|Hilton, Rick - OSU, MEDFORD, OR|
Submitted to: Popular Publication
Publication Type: Popular Publication
Publication Acceptance Date: March 4, 2009
Publication Date: March 10, 2009
Citation: Hilton, R., Knight, A.L. 2009. Battling Wormy apples in the Home Orchard Using a SOFT Approach. Popular Publication, The Applegator, March issue p 7-8, Medford, OR. Interpretive Summary: Codling moth is the key pest of apples and pears and homeowners have a number of fairly ineffective approaches they can use to minimize fruit injury. A management program coined SOFT (Selective Organic Fruit Tree) was developed by ARS researchers at the USDA, ARS, Yakima Agricultural Research Laboratory, Wapato, WA. This program uses a combination of spring or fall sprays of parasitic nematodes for overwintering larvae, summer sprays of granulosis virus for summer larvae, and a trap-lure system to remove female moths before thay can lay eggs. A demonstration project developed with Oregon State University in Medford, Oregon showed that this program could be effective. Success was influenced by the degree of isolation from unmanaged neightbors' trees and tree size and cultivar which effect both spray efficacy and host suitability. Efforts to expand this program in 2009 are underway.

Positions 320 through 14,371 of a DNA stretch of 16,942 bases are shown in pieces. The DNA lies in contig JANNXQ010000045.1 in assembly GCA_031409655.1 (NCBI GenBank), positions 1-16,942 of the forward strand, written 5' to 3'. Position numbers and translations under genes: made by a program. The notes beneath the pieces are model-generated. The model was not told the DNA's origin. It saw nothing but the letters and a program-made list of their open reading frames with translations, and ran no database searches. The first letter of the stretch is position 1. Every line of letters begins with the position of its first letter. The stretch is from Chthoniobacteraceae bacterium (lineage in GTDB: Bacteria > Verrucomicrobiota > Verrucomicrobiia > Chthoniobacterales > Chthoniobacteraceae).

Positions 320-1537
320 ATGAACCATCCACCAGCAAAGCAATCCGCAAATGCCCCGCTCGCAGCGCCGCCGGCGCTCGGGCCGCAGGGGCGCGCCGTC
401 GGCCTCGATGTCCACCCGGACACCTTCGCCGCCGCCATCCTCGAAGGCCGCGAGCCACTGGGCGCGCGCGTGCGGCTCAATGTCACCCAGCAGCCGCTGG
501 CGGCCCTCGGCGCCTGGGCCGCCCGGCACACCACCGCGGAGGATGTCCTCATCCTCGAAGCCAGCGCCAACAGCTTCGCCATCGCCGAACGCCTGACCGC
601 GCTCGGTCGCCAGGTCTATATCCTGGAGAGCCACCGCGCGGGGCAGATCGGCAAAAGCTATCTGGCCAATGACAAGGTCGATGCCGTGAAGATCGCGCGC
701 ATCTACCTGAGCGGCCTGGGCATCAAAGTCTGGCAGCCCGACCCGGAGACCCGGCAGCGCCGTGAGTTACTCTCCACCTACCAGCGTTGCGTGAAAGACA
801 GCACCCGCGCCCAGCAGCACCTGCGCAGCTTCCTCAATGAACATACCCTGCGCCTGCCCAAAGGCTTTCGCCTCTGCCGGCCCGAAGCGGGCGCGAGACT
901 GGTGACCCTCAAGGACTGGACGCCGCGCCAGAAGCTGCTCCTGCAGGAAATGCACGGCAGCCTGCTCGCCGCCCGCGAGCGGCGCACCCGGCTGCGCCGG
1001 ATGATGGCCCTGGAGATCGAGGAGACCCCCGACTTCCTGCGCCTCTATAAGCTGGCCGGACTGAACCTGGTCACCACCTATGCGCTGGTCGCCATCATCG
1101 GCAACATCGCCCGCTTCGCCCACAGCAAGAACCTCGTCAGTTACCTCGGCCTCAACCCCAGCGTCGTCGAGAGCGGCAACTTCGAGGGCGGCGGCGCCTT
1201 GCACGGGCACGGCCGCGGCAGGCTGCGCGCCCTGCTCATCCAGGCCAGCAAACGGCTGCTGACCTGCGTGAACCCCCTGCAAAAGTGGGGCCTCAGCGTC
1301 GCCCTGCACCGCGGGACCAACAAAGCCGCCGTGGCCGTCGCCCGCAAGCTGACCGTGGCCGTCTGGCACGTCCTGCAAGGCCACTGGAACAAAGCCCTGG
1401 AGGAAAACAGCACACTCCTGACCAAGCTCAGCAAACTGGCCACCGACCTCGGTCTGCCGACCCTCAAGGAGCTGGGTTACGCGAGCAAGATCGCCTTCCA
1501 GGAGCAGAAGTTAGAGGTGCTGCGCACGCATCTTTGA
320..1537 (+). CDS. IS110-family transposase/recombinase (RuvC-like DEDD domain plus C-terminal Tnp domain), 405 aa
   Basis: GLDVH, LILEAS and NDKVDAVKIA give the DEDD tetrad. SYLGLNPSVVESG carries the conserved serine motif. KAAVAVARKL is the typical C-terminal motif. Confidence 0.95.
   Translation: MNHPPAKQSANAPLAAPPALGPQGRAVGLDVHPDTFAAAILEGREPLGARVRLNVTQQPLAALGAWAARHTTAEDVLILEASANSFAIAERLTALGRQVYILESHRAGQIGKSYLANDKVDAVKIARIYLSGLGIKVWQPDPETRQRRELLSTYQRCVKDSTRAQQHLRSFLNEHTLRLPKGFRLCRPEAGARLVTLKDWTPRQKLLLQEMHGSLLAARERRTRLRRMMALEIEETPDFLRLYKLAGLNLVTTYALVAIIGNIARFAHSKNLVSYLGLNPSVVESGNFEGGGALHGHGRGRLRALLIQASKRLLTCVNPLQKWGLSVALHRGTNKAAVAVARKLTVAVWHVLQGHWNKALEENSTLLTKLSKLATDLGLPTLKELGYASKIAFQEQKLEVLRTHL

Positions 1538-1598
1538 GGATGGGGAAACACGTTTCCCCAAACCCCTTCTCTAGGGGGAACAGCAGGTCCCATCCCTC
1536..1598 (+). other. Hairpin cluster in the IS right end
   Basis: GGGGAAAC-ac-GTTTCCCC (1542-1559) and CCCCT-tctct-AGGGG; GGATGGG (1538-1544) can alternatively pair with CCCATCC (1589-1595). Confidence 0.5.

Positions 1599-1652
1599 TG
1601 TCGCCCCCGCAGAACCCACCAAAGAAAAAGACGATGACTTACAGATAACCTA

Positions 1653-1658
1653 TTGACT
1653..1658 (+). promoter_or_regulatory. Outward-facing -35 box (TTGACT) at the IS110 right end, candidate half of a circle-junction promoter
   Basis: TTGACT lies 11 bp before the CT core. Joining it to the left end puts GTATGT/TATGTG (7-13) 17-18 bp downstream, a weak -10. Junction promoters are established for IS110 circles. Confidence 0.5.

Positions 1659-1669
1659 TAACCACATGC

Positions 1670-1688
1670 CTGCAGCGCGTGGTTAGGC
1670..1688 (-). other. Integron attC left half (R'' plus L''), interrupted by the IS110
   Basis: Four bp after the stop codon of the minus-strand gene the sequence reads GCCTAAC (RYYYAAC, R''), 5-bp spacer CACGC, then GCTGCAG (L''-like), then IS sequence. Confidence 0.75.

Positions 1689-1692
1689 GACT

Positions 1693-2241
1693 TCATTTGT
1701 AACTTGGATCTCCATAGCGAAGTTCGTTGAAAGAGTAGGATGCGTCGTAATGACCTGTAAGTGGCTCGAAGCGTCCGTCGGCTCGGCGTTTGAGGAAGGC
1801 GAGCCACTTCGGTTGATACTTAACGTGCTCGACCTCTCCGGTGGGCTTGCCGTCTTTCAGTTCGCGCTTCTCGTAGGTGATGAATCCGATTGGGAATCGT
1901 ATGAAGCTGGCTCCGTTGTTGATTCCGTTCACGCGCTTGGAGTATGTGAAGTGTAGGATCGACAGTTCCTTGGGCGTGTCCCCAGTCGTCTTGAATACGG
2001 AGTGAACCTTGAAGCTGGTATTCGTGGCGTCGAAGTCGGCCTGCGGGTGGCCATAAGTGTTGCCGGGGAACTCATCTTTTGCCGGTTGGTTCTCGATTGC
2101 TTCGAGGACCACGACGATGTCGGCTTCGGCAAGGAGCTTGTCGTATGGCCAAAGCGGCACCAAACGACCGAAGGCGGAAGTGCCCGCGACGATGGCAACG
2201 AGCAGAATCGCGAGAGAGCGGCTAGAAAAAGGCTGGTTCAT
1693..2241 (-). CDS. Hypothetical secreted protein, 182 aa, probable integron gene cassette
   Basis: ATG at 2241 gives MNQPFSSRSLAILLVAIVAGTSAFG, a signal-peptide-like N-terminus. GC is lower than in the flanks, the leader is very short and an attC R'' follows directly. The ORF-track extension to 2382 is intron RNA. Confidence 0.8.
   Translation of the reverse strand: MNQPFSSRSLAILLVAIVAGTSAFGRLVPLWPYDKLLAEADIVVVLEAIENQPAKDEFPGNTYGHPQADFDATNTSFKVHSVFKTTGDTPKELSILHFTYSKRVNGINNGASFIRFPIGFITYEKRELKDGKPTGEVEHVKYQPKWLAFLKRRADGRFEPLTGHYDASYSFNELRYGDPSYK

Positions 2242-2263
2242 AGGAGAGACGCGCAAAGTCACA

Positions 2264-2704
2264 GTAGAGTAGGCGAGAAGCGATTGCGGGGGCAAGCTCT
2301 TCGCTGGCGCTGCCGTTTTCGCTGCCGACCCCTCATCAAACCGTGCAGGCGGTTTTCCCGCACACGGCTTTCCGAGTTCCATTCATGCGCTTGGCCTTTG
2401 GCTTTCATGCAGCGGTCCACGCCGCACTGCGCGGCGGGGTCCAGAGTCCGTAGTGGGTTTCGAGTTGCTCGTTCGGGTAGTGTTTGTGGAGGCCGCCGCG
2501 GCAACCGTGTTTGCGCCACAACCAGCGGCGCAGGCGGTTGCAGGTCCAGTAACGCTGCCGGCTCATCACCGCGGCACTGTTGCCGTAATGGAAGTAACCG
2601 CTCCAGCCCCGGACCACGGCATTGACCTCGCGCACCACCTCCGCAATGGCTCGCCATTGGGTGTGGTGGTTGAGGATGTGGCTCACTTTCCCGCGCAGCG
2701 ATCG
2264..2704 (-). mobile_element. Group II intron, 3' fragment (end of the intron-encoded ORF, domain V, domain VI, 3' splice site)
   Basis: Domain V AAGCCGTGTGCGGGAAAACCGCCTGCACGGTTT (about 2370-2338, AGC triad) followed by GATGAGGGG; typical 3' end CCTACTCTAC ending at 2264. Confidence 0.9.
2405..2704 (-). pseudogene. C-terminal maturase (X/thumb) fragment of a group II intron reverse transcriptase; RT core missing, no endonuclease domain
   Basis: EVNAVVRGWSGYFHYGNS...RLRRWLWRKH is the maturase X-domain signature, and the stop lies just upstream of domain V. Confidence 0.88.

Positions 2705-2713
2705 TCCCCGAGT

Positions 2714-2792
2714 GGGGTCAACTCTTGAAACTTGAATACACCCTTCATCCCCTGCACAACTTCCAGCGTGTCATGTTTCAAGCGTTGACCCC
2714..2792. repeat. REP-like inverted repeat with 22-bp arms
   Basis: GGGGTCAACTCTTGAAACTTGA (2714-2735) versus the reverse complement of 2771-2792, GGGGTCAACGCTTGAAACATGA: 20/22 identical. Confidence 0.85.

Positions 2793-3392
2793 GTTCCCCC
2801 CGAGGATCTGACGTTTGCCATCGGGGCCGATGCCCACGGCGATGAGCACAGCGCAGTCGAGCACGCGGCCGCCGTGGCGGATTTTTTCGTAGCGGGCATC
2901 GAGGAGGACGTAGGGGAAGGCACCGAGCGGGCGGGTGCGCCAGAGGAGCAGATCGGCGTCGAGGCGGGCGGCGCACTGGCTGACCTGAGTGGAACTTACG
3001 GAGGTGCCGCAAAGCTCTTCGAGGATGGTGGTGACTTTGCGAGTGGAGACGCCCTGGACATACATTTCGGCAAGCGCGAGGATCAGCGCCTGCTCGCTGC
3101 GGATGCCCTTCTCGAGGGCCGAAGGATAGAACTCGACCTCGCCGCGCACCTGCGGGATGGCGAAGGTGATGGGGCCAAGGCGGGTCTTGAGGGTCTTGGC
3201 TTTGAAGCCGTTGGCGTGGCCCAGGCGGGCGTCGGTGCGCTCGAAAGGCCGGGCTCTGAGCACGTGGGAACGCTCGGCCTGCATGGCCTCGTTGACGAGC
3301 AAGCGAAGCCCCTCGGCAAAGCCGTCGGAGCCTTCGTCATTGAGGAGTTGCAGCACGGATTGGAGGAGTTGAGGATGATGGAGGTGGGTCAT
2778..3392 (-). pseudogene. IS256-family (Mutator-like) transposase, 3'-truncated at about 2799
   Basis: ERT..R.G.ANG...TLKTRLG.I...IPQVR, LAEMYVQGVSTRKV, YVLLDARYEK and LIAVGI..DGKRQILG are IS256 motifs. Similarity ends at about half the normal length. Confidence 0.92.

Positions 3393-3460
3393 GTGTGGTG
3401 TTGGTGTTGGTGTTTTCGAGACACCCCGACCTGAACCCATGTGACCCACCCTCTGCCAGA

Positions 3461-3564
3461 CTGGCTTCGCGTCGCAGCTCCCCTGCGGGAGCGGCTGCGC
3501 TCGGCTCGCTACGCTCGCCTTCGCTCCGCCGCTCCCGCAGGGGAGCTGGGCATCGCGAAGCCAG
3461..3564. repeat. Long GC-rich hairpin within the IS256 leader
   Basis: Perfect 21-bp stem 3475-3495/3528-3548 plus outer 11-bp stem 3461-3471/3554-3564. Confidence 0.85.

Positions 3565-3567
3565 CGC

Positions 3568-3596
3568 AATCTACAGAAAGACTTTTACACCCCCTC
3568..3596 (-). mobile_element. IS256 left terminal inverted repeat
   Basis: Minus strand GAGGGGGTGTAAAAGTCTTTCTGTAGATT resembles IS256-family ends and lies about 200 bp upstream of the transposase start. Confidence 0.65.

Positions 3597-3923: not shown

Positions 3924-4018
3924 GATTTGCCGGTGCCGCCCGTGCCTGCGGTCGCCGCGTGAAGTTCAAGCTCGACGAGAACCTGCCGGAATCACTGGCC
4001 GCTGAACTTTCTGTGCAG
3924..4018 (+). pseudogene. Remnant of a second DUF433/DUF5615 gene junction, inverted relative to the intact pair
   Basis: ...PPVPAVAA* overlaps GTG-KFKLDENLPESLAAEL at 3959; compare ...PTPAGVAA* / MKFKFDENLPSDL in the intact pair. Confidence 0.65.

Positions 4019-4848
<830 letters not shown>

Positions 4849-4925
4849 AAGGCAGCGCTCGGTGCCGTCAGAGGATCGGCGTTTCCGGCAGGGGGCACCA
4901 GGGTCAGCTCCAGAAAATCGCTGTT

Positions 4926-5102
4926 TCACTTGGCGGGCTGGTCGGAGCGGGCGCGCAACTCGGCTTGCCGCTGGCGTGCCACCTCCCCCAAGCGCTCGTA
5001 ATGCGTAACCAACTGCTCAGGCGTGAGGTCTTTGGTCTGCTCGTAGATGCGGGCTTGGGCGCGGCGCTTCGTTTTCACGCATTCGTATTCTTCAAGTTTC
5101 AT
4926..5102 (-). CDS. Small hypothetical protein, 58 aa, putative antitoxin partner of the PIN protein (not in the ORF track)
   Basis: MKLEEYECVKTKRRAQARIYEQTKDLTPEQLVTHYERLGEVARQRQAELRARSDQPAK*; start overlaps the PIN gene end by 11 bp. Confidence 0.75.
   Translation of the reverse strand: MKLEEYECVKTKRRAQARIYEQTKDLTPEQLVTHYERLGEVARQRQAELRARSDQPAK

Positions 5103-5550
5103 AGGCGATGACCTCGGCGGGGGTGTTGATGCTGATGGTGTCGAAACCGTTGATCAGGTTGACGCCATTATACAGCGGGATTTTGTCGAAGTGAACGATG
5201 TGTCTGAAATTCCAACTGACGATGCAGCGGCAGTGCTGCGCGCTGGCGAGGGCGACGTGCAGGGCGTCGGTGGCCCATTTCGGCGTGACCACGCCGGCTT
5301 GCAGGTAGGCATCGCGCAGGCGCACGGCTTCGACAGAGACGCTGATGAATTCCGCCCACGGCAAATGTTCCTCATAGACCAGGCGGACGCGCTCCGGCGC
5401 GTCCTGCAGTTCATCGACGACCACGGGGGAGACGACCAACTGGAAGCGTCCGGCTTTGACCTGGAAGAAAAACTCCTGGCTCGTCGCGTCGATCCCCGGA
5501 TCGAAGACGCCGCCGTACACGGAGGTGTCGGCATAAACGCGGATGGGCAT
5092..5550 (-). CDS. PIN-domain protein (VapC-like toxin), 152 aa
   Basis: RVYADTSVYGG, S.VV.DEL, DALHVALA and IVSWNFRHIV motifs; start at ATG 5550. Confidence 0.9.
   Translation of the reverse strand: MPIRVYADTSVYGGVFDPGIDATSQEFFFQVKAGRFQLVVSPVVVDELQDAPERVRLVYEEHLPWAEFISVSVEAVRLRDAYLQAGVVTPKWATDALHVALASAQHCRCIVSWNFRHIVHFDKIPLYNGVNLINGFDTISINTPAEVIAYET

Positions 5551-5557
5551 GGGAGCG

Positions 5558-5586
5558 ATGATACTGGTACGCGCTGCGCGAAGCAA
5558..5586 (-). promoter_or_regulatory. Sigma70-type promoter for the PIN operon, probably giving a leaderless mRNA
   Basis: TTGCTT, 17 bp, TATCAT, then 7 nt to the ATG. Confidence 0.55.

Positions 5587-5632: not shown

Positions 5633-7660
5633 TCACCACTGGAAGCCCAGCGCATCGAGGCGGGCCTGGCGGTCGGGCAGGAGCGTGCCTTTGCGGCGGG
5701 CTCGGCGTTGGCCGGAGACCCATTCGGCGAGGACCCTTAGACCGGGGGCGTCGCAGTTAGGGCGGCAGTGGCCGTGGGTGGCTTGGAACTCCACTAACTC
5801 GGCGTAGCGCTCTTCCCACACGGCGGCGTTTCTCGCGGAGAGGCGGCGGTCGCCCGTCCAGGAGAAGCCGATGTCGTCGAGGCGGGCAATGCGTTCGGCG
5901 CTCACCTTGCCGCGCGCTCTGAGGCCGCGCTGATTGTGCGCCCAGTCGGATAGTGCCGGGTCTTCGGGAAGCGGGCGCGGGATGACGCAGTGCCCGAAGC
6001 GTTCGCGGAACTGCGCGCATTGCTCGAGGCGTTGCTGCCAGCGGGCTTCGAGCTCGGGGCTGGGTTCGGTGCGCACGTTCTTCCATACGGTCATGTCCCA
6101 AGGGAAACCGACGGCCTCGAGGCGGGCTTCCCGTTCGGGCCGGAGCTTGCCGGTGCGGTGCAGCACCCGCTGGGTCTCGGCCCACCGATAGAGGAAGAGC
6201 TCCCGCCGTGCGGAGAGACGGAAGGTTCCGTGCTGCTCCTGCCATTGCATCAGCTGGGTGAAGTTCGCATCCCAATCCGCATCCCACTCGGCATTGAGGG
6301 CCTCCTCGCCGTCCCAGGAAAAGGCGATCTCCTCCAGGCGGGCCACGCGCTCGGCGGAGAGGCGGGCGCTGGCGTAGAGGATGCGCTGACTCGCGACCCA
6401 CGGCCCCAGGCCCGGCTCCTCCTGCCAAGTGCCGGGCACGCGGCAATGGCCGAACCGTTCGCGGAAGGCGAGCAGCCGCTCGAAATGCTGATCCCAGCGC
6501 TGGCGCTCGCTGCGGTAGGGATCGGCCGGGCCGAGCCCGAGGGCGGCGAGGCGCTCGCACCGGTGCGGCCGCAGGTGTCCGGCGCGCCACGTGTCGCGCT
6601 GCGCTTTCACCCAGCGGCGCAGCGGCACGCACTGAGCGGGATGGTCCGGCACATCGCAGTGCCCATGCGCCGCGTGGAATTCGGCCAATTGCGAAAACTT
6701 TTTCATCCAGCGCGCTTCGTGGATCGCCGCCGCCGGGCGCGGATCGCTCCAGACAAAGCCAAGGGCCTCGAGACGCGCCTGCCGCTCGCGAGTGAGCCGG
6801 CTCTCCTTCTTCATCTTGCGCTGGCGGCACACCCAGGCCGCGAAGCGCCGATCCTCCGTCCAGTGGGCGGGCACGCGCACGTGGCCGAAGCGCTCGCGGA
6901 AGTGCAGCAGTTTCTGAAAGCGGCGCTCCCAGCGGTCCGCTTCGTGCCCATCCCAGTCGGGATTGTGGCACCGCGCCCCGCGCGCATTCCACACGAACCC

Technical Abstract: A program was developed for use by homeowners to control codling moth in backyard apple and pear trees. Coined SOFT (Selective Organic Fruit Tree), this management program uses a combination of granulosis virus, parasitic nematodes, and a trap and lure for females. This multi-tactic approach reduced levels of injury by 70% and results were dependent on the degree of isolation of the property and tree size and cultivar. Adoption of this program is expected to increase during 2009.